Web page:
On September 15, the liberal Public Interest Research Group and the conservative National Taxpayers Union issued a joint report recommending $1 trillion in spending cuts that both groups support.
A September 14 Bloomberg poll only found majority support for cutting Social Security benefits for the wealthy among options for reducing spending. People are equally divided on raising the Social Security retirement age. A majority oppose cutting defense weapons systems, replacing Medicare with a voucher program, increasing co-pays for Medicare, reducing compensation for doctors treating Medicare patients, changing the Social Security COLA, and cutting Medicaid.
On September 13, the Joint Select Committee on Deficit Reduction held its first hearing. Testifying was CBO director Doug Elmendorf.
Also on September 13, the project on Government Oversight published a study showing that contracting out many government services has been much more expensive than if additional government employees had been hired to do the job.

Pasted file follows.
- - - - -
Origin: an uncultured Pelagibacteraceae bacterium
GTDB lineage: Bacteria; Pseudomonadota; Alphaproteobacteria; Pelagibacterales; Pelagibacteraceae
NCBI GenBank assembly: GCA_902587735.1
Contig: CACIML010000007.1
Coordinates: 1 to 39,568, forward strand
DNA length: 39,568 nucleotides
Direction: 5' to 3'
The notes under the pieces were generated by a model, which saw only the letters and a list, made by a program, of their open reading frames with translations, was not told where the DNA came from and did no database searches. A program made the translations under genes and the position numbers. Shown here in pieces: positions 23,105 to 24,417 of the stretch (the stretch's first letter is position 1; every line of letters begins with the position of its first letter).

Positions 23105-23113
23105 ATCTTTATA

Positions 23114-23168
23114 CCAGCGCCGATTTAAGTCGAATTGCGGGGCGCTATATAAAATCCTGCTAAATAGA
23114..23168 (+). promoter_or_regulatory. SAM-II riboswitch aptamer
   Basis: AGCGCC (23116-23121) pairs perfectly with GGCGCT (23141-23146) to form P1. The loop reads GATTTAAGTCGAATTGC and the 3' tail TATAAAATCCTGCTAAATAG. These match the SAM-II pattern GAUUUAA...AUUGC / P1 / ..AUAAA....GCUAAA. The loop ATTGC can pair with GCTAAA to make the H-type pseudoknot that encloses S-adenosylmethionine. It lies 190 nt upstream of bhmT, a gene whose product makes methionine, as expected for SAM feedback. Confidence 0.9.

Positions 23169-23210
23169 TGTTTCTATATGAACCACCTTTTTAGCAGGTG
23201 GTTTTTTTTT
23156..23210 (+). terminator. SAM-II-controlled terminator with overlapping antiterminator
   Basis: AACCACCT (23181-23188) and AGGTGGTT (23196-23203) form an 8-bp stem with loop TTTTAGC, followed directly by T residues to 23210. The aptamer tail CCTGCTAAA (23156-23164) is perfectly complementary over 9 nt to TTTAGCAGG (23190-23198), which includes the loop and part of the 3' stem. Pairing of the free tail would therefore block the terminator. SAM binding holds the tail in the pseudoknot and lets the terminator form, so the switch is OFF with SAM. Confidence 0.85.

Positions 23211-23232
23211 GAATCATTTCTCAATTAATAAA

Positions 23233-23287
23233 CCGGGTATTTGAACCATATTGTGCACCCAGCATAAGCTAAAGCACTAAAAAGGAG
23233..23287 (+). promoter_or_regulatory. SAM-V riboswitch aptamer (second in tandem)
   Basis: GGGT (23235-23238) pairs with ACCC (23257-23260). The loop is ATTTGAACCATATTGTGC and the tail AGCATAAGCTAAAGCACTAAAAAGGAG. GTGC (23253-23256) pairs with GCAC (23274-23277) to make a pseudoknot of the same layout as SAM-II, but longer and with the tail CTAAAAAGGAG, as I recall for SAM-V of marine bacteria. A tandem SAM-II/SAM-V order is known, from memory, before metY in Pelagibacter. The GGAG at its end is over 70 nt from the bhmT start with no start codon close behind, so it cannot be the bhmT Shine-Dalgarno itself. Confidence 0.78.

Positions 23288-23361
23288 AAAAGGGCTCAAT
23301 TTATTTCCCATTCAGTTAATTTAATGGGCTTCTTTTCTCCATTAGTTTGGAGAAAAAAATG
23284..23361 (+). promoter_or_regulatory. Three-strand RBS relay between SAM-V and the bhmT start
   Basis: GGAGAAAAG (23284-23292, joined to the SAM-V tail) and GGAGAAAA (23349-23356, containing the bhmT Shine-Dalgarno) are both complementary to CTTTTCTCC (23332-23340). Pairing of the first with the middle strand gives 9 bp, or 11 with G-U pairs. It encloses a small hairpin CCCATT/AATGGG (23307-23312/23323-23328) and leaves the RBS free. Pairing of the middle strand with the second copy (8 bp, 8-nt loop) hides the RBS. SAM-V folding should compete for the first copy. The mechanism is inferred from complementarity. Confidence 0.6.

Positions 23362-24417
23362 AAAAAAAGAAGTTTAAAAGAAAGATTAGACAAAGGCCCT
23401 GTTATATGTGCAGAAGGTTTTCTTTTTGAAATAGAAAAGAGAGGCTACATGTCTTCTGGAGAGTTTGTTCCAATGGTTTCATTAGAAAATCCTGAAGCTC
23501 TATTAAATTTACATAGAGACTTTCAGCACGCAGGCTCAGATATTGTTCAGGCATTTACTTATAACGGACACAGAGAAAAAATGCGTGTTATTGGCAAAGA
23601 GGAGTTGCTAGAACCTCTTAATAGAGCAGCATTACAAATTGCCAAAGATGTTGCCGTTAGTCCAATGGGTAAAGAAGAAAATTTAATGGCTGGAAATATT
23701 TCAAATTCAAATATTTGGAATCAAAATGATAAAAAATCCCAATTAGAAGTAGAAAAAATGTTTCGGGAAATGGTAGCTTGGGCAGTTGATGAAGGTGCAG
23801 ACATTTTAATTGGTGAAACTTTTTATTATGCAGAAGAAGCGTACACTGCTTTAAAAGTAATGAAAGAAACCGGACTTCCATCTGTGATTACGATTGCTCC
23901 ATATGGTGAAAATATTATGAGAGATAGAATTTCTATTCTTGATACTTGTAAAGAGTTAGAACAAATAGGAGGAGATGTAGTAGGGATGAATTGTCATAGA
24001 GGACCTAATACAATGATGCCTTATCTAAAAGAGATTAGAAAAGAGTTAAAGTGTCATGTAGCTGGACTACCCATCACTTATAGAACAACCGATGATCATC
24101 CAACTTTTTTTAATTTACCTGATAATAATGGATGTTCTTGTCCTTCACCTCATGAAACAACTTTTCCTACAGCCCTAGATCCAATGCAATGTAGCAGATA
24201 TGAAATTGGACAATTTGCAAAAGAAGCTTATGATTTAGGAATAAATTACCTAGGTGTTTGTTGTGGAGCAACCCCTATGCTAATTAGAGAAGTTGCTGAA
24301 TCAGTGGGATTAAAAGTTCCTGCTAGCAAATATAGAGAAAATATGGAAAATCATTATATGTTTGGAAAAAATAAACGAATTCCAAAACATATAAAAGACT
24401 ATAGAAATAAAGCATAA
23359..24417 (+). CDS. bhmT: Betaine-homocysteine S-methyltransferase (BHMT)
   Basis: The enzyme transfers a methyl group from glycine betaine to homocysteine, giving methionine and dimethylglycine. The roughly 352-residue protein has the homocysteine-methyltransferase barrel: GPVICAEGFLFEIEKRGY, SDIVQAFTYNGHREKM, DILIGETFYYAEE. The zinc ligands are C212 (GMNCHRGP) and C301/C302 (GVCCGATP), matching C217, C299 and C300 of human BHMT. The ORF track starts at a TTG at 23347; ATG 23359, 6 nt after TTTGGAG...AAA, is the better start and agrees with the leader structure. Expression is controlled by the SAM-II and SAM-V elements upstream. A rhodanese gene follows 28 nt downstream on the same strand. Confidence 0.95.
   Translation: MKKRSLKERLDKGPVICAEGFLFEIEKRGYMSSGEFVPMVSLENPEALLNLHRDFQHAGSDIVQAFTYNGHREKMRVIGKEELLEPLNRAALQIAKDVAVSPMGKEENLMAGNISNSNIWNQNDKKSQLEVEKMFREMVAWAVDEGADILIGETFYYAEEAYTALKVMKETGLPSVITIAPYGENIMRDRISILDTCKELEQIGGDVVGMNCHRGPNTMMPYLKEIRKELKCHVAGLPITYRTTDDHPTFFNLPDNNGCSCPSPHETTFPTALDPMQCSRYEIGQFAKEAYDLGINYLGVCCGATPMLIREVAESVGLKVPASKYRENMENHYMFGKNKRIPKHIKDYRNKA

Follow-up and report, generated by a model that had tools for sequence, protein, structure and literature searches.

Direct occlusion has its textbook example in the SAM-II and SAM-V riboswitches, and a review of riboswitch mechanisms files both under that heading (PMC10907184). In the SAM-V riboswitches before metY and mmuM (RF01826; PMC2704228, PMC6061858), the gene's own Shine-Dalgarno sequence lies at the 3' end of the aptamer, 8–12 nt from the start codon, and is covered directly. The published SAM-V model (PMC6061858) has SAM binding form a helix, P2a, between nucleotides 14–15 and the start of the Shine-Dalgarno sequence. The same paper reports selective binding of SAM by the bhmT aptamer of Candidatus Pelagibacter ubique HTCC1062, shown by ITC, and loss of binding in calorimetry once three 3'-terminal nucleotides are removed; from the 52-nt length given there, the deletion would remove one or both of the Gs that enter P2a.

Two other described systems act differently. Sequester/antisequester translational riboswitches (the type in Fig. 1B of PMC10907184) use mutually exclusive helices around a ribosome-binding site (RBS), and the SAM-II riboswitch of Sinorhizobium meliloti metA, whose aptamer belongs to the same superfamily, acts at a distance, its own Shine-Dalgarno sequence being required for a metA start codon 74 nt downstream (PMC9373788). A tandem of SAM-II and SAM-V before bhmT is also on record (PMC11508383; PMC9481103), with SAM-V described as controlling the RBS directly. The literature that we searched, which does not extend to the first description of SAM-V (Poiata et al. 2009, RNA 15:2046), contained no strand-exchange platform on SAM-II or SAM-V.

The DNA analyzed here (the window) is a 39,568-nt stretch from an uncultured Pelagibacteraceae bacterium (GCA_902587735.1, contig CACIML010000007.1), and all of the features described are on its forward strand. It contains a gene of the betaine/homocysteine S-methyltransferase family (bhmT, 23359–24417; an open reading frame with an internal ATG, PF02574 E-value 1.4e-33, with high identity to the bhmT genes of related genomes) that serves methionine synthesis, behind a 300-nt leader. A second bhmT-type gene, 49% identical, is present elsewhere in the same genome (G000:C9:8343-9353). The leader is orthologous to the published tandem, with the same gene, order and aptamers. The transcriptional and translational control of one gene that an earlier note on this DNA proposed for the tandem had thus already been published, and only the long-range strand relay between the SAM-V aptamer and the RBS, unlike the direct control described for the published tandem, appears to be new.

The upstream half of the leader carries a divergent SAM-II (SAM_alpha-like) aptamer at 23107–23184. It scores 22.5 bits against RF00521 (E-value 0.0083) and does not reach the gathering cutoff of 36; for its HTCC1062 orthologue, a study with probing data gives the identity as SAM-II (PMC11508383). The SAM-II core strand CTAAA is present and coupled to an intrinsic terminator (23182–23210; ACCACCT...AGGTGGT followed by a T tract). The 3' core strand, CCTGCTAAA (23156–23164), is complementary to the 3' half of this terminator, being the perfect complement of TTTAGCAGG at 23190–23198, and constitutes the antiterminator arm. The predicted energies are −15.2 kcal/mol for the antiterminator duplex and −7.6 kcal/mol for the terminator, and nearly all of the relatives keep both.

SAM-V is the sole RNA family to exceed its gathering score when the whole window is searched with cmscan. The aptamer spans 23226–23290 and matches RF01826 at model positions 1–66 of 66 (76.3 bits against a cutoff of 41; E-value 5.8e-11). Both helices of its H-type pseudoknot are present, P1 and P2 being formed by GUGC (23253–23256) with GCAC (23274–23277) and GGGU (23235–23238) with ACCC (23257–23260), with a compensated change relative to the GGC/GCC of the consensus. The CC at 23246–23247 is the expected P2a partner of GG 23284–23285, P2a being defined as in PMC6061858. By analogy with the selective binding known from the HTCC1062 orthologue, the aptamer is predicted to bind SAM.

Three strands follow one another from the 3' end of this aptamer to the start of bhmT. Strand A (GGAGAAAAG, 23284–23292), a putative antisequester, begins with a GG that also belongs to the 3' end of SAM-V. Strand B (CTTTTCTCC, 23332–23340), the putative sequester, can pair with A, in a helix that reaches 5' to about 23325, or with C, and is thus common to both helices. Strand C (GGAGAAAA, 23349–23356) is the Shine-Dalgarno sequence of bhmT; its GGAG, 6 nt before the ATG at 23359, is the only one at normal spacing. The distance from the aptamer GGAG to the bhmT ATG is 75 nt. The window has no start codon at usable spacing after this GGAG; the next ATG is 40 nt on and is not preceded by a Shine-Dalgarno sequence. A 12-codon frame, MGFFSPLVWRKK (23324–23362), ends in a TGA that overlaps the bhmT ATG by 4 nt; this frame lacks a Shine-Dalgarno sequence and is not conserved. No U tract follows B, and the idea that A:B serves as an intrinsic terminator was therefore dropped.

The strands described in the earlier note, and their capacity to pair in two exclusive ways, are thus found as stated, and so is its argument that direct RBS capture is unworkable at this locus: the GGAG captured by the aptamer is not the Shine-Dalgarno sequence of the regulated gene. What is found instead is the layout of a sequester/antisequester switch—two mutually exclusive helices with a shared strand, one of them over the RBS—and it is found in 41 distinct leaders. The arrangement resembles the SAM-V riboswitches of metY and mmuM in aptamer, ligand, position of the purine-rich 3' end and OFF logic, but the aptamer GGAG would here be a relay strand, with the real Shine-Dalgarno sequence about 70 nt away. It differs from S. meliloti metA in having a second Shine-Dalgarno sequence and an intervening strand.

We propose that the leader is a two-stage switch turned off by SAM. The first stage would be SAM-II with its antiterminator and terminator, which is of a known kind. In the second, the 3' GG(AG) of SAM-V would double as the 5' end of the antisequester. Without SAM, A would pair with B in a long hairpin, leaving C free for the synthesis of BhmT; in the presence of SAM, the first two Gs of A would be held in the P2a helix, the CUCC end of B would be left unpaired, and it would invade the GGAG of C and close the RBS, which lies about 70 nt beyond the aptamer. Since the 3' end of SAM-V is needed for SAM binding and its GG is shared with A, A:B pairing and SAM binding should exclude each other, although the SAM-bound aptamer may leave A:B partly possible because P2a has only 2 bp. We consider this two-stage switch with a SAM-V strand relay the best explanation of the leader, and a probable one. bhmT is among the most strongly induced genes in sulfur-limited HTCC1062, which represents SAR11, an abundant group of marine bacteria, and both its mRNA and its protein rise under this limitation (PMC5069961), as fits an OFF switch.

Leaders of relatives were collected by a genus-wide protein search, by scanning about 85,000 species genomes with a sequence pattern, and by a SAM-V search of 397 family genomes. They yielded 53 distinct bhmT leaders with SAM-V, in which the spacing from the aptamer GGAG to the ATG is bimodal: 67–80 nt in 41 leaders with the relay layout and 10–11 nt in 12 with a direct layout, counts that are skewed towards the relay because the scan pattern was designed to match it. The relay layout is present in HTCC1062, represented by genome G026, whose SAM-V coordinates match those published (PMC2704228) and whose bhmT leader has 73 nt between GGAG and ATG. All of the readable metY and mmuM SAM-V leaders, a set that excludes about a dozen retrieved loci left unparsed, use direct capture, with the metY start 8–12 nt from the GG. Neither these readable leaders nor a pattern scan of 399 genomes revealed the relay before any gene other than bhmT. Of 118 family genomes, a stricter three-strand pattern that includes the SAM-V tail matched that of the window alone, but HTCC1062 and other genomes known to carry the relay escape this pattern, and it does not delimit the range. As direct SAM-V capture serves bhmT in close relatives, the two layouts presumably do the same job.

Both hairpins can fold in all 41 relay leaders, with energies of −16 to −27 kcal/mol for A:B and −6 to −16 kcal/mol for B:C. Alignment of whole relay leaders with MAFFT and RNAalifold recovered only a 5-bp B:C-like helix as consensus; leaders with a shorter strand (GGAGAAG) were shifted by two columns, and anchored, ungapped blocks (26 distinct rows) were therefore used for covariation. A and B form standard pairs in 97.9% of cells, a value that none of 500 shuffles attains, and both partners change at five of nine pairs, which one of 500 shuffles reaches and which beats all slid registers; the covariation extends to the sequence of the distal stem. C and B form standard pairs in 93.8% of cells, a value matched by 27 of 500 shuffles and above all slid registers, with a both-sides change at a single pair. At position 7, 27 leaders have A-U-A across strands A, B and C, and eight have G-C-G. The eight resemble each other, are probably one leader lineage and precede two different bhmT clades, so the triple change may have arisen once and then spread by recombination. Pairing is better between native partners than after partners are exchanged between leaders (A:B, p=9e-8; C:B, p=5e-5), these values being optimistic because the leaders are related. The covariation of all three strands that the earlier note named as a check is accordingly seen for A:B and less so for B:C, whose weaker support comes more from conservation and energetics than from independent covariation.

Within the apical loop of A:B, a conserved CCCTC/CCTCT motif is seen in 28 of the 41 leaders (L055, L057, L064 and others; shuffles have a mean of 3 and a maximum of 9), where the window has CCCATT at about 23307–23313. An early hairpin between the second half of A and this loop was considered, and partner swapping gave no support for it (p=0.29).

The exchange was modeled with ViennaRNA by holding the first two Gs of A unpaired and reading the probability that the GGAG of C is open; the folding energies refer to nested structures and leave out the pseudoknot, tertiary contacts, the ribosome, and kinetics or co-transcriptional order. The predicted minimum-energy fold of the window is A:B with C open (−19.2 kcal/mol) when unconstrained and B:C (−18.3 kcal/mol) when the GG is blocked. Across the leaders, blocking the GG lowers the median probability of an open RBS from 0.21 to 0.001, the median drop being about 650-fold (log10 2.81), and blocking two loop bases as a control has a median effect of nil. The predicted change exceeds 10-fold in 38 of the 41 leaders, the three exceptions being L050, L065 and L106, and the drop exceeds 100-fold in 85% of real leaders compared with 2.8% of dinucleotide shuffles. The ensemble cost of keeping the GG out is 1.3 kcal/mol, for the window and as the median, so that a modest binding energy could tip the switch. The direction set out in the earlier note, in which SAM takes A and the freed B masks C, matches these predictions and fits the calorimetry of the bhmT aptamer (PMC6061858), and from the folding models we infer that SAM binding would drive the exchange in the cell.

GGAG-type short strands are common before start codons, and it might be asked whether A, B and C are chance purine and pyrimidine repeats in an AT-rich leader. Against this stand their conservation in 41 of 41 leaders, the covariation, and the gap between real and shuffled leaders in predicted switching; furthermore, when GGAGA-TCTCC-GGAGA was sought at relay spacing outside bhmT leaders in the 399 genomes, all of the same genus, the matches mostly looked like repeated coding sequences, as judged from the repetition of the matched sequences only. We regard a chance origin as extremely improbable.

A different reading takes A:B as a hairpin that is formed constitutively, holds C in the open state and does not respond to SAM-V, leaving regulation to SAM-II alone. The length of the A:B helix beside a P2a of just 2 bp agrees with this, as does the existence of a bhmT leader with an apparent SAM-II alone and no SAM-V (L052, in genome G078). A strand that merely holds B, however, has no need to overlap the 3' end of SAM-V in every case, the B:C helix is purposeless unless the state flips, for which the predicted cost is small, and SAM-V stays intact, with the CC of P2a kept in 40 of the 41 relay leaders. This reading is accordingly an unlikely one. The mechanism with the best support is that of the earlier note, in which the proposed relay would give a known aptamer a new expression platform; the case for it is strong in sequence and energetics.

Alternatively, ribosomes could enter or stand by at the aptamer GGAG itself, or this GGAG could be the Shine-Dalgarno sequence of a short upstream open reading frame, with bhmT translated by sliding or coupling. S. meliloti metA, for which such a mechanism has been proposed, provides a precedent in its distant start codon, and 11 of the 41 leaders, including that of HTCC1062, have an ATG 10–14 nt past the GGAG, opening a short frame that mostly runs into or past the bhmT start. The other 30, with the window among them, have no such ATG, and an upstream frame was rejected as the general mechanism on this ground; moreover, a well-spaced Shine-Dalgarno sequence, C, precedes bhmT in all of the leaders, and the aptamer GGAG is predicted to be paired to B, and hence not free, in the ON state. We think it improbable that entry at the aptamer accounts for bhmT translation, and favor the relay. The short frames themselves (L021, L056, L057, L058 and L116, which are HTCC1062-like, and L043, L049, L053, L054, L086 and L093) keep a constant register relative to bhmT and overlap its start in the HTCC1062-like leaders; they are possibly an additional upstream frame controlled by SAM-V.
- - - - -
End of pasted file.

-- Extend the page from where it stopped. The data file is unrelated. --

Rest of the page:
On September 12, the Congressional Budget Office published a report on budget enforcement procedures in the Budget Control Act of 2011.
Also on September 12, the International Monetary Fund published a study showing that fiscal consolidation impacts heavily on the poor and will be economically contractionary in the short-run.
On September 8, the Center for American Progress published a study examining which spending programs have the most bang for the buck in terms of job creation.
Also on September 8, Federal Reserve Board chairman Ben Bernanke gave a speech in which he said that while long-term fiscal consolidation is necessary, the economy needs fiscal expansion in the short-term.
On September 6, the United Nations Conference on Trade and Development issued its annual report. It is critical of fiscal tightening measures in the advanced economies.
On August 19, the Congressional Research Service published a report on the Budget Control Act of 2011.
I last posted items on this topic on September 6.
Bruce Bartlett is an American historian and columnist who focuses on the intersection between politics and economics. He blogs daily and writes a weekly column for The Fiscal Times. Bartlett has written for Forbes Magazine and Creators Syndicate, and his work is informed by many years in government, including as a senior policy analyst in the Reagan White House. He is the author of seven books including the New York Times best-seller, Imposter: How George W. Bush Bankrupted America and Betrayed the Reagan Legacy (Doubleday, 2006).